De Blasio lashes out at Bloomberg’s ‘abhorrent’ charter position
Mayor Bill de Blasio dumped on his predecessor as he explained his decision to halt three charter schools from co-locating into district school space.
The mayor, who campaigned on a promise to charge wealthy charters rent, blasted the Bloomberg administration's stance on co-locating charters as "abhorrent," hours after he reversed a plan that would have allowed three of Eva Moskowitz's Success Academies to expand into traditional public schools.
"Obviously the leadership on this came from the Department of Education and [schools] chancellor [Carmen] Farina, but I agree wholeheartedly with her decision," de Blasio told reporters gathered in the 25th police precinct in Manhattan for a law enforcement announcement.
"We were handed a series of last-minute moves by the Bloomberg administration approving a number of co-locations in a way that I think was ill-advised but, you know, we're all mature around here," he added. "We knew that if they could get away with it they would. ... I'm not going to mince words about what I feel about how the Bloomberg administration made decisions on co-locations. I think it was abhorrent."
He said the choice to cancel nine co-location approvals out of 45, including the three charters run by Moskowitz, a politically divisive figure in the city's charter-school debate, was based on his administration's belief that allowing their move "would be counterproductive to our children's education."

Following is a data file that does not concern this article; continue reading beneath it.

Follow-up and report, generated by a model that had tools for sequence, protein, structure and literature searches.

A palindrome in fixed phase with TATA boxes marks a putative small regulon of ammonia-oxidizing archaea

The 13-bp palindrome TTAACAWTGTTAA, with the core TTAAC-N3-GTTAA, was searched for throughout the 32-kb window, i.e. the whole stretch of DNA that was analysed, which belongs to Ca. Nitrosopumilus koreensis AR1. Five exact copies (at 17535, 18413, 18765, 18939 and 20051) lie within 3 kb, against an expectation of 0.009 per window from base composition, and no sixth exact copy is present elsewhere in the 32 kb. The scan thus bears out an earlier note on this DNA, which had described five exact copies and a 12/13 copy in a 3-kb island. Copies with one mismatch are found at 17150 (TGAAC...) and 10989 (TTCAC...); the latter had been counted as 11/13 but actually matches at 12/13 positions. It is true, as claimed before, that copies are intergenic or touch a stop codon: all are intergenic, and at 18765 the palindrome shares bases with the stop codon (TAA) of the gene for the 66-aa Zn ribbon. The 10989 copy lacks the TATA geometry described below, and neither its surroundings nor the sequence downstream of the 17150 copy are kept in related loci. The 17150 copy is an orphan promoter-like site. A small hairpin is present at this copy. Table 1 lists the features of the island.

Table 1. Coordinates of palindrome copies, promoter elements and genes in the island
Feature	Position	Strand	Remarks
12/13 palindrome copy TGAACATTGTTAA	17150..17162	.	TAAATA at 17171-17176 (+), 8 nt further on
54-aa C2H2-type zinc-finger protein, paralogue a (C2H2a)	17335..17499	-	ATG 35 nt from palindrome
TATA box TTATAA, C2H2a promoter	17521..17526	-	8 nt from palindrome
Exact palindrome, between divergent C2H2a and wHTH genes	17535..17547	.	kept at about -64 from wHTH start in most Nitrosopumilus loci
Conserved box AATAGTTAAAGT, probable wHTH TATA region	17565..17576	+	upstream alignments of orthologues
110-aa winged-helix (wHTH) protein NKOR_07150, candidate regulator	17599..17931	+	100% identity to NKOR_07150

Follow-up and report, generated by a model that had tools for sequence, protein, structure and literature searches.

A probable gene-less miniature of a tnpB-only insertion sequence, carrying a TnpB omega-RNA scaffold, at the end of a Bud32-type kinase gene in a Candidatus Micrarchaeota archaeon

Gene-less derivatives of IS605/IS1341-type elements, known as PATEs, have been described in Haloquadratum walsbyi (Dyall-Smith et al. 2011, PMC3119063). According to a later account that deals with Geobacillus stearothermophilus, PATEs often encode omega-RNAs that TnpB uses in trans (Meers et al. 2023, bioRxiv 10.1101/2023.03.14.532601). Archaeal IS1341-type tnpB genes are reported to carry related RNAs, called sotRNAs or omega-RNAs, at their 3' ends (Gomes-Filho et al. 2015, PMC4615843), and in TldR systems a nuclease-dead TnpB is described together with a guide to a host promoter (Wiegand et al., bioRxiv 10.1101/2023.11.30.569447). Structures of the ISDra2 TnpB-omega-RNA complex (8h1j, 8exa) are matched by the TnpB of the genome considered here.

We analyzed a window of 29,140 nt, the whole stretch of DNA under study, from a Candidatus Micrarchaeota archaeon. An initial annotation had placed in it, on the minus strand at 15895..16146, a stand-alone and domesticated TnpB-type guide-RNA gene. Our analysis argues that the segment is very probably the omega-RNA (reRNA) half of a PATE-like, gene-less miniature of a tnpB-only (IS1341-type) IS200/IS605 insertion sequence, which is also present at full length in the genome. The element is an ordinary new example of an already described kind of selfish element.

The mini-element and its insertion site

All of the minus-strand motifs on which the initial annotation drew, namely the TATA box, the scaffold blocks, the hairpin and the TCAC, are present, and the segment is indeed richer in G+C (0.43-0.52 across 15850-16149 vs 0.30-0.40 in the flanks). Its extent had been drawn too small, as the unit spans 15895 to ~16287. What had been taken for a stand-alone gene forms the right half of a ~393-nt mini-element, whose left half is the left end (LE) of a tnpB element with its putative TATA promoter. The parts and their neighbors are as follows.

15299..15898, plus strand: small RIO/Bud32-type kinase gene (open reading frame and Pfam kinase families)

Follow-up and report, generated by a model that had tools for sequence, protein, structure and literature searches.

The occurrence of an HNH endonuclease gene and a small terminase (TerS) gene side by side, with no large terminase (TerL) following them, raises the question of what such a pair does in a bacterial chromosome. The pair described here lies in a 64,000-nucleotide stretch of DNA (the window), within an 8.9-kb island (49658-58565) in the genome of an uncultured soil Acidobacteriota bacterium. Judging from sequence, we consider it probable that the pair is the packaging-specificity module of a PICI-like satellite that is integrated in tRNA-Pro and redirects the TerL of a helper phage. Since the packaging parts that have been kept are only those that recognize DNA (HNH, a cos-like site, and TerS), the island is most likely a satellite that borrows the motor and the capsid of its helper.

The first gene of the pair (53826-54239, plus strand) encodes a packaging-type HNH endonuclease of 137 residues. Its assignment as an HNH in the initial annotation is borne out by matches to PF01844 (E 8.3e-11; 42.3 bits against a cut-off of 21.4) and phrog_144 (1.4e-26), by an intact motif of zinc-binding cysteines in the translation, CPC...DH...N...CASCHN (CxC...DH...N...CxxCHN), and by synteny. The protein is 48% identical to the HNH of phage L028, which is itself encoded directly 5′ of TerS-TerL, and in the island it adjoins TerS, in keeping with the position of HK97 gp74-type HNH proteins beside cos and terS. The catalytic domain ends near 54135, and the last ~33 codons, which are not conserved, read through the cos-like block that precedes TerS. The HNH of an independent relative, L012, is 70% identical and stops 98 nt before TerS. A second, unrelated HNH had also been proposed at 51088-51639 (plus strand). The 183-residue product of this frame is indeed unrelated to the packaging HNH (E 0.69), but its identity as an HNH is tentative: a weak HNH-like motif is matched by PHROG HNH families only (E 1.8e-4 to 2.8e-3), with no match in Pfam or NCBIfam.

He said his main concern lies with the needs of the existing schools that would receive the new students through co-locations.
"I think the school that is receiving in any of these situations has some special rights and special considerations because there is a history and an operating reality in that school that's going to be changed by bringing a new school into it, and we have to make sure that the formula does not result in the receiving school constantly being on the short end of the stick, which has often been the case in the previous administartion," he said.
The mayor did not deny he could use the freed-up space for pre-kindergarten seats.
"This has nothing to do with the pre-K situation in and of itself," he said.
De Blasio said he will move forward with his proposal to charge rent to cash-rich charters, though his current Fiscal Year 2015 budget does not include projected revenue from that plan.
He also said he will push through a moratorium on co-location of charter schools.